Brain disorders in the real world and at the movies.

Cinema Paradiso

Brain injury and dementia can result in dramatic changes in cognition and personality. Add the emotional factors that are obviously at play when a loved one has a brain injury or dementia and you have the perfect ingredient for a night at the movies.

The British neuropsychologist Sallie Baxendale has pointed out that although amnesia is a relatively rare clinical disorder it has been a popular topic ever since the silent movies. Recent movies featuring amnesia, although not always realistically, are The Eternal Sunshine of the Spotless Mind (2004), 50 First Dates (2004), The Bourne Identity (2002) and Finding Nemo (2003). Quite a few movies have been made about dementia, a very common disorder among the elderly; Iris (2001), A Song for Martin (2001), Notebook (2004) and Away from Her (2006).

Brain disorders in the movies

Mrs. Turner, your husband is incredibly lucky. The bullet wound to the head caused minimal damage. See, it hit the right frontal lobe. That’s the only part of the brain that has redundant systems. I mean, if you’re going to get shot in the head … that’s the way to do it.”

This quote is from the movie Regarding Henry (1991) that tells the story of Henry, a ruthless lawyer, who gets shot in the head and becomes a better man! According to his doctor Henry was lucky that the bullet hit the frontal lobes. Although the frontal lobes used to be somewhat of a mystery and were thought to have no particular role this was not the case any more when Regarding Henry was made. We are now all too aware of the devastating effects of frontal lobe injuries or disease.

One sees many similar myths and misconceptions in movies and TV shows. At the same time films and TV show fuel and maintain these misconceptions. In a a recent study on public beliefs about brain injury in Britan close to 40% of the participants reported that their knowledge about brain injury was derived from TV, films and other media. Almost 30% of the participants also believed that memory loss could be cured by a second blow to the head. This mistaken notion is also seen in many movies (e.g., Tarzan the Tiger from 1922). Research has also shown that many people, including screenwriters, believe that upon waking from coma patients are lucid, able to get out of bed immediately and remember and speak normally (e.g., Blind Horizon, 2003). Just like brain injury and amnesia, dementia is in general not convincingly described in films. For example, in the movie A Song for Martin (2001) a neurologist diagnoses Alzheimer´s dementia merely by looking at a brain scan. This is not possible. In this context it is interesting to note that studies on lay knowledge of Alzheimer´s disease show that many people to think that a brain scan is critical in the diagnosis of dementia. It certainly is important in excluding other causes of cognitive decline but one does not “see” Alzheimer´s disease on a brain scan.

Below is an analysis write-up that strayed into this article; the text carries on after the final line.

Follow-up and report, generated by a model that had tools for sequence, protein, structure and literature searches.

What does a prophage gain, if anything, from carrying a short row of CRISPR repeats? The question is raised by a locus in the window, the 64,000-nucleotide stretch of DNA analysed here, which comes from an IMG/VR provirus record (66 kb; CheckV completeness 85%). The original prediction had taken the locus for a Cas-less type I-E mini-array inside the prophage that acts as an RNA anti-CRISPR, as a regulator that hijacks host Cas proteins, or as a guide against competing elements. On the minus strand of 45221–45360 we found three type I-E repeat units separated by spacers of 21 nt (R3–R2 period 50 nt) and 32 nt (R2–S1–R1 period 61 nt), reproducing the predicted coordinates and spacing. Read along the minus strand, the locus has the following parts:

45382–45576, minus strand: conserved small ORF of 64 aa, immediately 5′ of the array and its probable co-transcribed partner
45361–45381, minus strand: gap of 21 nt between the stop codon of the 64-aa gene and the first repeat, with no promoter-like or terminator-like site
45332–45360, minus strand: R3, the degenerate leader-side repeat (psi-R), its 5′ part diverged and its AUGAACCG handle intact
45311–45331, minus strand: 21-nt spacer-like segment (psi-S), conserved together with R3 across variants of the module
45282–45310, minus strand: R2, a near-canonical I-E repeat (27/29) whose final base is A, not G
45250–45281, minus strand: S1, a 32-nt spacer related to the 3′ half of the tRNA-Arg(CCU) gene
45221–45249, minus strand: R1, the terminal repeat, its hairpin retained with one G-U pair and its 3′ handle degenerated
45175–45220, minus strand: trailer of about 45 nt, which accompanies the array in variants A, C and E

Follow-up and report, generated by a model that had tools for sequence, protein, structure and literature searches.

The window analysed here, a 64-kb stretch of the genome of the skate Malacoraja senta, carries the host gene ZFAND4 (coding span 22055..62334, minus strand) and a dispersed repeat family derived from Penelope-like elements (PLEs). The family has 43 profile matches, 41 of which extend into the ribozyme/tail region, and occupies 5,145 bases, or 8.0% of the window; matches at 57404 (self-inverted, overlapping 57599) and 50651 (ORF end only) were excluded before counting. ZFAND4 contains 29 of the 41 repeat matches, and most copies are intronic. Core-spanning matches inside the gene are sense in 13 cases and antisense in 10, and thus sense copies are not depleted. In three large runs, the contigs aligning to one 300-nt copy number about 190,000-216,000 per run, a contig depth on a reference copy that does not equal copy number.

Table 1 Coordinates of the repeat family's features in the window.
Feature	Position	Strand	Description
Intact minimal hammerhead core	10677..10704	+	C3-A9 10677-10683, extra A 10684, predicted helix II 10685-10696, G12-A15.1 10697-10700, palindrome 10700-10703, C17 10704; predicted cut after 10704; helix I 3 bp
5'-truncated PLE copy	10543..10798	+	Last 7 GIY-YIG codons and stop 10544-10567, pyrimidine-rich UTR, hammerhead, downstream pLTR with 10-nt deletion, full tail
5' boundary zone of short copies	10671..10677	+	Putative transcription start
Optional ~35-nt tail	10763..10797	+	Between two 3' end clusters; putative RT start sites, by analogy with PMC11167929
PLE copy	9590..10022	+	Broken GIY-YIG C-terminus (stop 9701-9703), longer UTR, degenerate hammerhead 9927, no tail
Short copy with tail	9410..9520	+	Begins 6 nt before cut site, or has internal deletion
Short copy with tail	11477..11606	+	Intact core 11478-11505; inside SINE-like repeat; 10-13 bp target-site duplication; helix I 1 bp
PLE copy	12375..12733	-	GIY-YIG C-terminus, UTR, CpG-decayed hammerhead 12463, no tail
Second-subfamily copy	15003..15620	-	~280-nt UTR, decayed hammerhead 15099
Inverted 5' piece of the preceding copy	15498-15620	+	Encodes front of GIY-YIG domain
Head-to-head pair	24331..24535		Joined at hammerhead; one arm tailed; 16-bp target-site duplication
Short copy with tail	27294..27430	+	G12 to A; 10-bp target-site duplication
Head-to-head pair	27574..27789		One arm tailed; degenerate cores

In conclusion

Obviously the scientific community cannot dictate the movie industry. Movies are made to be dramatic and fun. Their goal is not to be educational or to realistically depict brain injury, dementia, psychiatric disease and medical procedures. At the same time movies can sustain myths and misconceptions as well as prejudices about various medical conditions.

I generally manage to leave the neuropsychologist in me at home and enjoy the movies even though they may be unrealistic. One cannot always be at work! However, I also have to confess that I would prefer clinical syndromes to be depicted realistically. I am certain that accuracy would not diminish the dramatic impact of movies dealing with serious illnesses affecting the brain. Reality is dramatic enough. So, next time you see a movie do not forget that artistic license is generally considered more important than accuracy and most screenwriters appear to do little research when writing about neurological conditions.

Based on:

Baxendale, S. (2003). Epilepsy at the movies: possession to presidential assassination. The Lancet, 2(12), 764-770.

Baxendale, S. (2004). Memories aren’t made of this: amnesia at the movies. British Medical Journal, 329 (7480), 1480-1483.

Chapman, R. C. G. and Hudson, J. M. (2010). Beliefs about brain injury in Britain. Brain Injury, 24(6), 797-801.

Seger, K. (2007). Degenerative dementia and their medical care in the movies. Alzheimer´s Disease and Associated Disorders, 21(1), 55-59.

Wijdicks, E. F. M. and Wijdicks, C. A. (2006). The portrayal of coma in contemporary motion pictures. Neurology 66(9), 1300-1303.

Photo credit: http://www.flickr.com/photos/kitone/3883087635/

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